gtdnubcake, you have discovered the strange paradox of the GTD forums--despite the fact that we're all here precisely to discuss how our implementations differ, a lot of people insist that there's a "right" way to do things.
Here's a comment I find relevant...
to back that up from the book:
Originally Posted by CJSullivan
So yes, one possible way that David suggests to organize NA and project lists is simply to continue the one-sheet per item method but group them into folders. For most people, however, this is going to be too cumbersome and require too much fiddling.
Originally Posted by page 141, hardcover
In my experience with these forums, it is often best to ask, "How do each of you implement this aspect of the system" or "Where do each of you put this kind of reminder for yourself" rather than "Where should I put this" or "How should I do this"
There really are no "shoulds" beyond "Get it off your mind and review it appropriately so that it stays off your mind until it's the right time to get done."
The implementation of GTD is intensely personal and highly situation specific. When you ask with the understanding that you're going to get multiple options, you'll get multiple options and you can pick and choose which ones to try. No two of us are implementing GTD in exactly the same way.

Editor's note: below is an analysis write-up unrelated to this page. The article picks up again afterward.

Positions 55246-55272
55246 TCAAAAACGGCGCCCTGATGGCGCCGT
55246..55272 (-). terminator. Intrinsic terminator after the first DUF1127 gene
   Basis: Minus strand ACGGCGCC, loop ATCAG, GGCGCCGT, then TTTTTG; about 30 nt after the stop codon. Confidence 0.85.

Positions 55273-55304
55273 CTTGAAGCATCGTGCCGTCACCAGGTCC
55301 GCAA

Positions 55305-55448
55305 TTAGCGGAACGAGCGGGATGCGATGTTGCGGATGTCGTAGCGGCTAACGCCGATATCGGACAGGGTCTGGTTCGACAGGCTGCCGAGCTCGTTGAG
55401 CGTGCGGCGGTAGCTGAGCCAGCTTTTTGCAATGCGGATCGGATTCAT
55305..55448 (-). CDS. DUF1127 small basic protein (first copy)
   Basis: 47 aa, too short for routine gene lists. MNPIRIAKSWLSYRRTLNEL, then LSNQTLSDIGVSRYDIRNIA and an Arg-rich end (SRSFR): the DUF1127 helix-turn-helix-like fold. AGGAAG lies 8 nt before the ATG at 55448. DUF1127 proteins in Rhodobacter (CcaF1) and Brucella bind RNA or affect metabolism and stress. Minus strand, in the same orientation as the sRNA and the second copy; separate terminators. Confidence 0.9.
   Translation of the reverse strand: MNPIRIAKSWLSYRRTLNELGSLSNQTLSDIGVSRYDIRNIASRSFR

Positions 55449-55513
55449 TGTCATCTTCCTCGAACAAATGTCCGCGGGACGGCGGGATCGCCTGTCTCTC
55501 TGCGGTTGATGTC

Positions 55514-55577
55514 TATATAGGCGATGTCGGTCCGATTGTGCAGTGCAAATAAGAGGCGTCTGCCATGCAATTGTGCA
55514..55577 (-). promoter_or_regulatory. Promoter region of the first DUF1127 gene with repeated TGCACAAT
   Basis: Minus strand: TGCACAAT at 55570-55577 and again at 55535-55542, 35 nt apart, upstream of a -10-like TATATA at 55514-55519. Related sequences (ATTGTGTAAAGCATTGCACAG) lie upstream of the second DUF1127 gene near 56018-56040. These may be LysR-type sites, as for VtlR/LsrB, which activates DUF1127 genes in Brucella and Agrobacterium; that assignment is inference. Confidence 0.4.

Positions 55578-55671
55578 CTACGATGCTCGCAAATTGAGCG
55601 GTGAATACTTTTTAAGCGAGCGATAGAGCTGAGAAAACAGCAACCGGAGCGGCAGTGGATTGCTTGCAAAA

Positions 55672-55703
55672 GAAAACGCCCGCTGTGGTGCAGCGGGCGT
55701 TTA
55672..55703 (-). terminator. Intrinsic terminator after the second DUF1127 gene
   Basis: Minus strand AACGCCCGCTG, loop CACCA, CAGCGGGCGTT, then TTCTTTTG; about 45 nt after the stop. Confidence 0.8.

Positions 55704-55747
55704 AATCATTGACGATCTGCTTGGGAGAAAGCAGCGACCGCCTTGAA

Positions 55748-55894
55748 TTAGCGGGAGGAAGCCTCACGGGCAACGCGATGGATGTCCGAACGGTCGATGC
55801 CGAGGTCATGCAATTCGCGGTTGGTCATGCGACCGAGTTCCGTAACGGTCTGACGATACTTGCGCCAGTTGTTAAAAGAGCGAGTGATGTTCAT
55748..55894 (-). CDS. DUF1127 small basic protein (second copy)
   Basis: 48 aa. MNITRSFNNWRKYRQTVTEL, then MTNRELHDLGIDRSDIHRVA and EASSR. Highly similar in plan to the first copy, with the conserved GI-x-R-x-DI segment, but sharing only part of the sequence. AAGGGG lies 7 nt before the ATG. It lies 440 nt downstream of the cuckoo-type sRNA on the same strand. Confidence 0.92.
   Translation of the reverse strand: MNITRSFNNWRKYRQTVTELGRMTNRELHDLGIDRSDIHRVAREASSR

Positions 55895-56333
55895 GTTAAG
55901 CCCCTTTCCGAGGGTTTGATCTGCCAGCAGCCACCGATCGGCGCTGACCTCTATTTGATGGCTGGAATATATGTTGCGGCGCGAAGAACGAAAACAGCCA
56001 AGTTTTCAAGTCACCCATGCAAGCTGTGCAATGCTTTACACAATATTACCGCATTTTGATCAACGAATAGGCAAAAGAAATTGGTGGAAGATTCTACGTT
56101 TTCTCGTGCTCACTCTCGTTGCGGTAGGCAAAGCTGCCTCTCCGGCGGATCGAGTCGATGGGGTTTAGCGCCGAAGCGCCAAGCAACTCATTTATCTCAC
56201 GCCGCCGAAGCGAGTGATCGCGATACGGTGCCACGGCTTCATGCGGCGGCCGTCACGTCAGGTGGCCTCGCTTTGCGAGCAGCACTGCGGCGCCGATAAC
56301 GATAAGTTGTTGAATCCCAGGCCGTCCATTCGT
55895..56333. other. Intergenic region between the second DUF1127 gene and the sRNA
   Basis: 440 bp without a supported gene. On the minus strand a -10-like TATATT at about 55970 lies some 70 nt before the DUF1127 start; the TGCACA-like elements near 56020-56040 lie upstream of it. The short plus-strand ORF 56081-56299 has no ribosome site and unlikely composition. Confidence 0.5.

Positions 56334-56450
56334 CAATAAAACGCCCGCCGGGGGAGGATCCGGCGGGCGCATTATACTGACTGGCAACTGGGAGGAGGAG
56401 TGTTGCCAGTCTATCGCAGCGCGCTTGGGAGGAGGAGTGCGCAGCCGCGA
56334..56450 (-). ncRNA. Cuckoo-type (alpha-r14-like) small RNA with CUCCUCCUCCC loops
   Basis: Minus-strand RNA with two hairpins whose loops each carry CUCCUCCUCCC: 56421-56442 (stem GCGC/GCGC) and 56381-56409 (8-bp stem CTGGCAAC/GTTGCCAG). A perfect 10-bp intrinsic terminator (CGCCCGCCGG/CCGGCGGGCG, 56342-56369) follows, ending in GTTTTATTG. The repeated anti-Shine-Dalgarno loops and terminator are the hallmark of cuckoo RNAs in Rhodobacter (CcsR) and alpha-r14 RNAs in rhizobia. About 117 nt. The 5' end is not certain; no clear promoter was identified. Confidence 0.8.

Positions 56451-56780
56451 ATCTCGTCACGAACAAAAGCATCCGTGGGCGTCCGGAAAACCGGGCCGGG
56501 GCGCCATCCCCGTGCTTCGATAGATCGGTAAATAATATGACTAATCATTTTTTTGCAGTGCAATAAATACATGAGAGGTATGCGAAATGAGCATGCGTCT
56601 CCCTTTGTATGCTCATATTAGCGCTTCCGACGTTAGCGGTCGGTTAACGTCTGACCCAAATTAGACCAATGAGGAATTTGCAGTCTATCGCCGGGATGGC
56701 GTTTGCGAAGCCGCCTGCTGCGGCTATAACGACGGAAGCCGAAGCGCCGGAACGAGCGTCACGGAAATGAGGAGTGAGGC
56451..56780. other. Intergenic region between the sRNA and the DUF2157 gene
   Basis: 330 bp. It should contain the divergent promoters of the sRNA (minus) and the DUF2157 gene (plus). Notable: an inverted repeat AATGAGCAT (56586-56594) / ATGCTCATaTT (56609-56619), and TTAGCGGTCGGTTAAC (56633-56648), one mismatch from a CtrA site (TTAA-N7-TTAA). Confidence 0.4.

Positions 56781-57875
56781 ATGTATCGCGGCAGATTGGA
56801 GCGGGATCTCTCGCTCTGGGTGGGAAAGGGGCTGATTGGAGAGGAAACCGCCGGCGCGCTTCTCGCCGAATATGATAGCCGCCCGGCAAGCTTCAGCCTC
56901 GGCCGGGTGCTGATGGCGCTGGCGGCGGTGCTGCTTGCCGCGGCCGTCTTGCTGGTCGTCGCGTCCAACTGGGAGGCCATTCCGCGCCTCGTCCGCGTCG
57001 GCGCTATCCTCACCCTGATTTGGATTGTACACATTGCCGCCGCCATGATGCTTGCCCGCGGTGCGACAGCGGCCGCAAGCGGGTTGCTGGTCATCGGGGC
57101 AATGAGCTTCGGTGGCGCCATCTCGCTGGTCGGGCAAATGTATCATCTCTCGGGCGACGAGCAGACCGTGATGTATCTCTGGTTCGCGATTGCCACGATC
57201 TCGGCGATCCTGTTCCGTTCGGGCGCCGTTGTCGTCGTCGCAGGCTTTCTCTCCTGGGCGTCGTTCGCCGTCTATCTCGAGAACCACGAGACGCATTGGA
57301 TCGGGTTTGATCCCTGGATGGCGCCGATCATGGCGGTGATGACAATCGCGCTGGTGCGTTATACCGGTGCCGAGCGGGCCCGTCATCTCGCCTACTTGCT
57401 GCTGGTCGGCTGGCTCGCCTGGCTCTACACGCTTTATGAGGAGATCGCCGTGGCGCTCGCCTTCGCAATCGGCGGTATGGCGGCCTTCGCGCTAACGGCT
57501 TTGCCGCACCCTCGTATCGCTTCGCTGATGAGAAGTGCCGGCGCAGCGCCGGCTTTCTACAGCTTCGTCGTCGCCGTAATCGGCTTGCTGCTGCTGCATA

That said-- to give you an answer about where *I* put my projects: I use Google Tasks for my NA lists, and my project list is simply a list in Google Tasks. Since my contexts lists are all preceded with the @symbol, that means that my lists "Projects" and "Projects--Writing" and "Someday/Maybe" appear at the bottom of my system, which is perfect since I don't review those as often.
Last edited by jesig; 12-12-2012 at 11:17 AM.
Reason: that paradox wasn't a paradox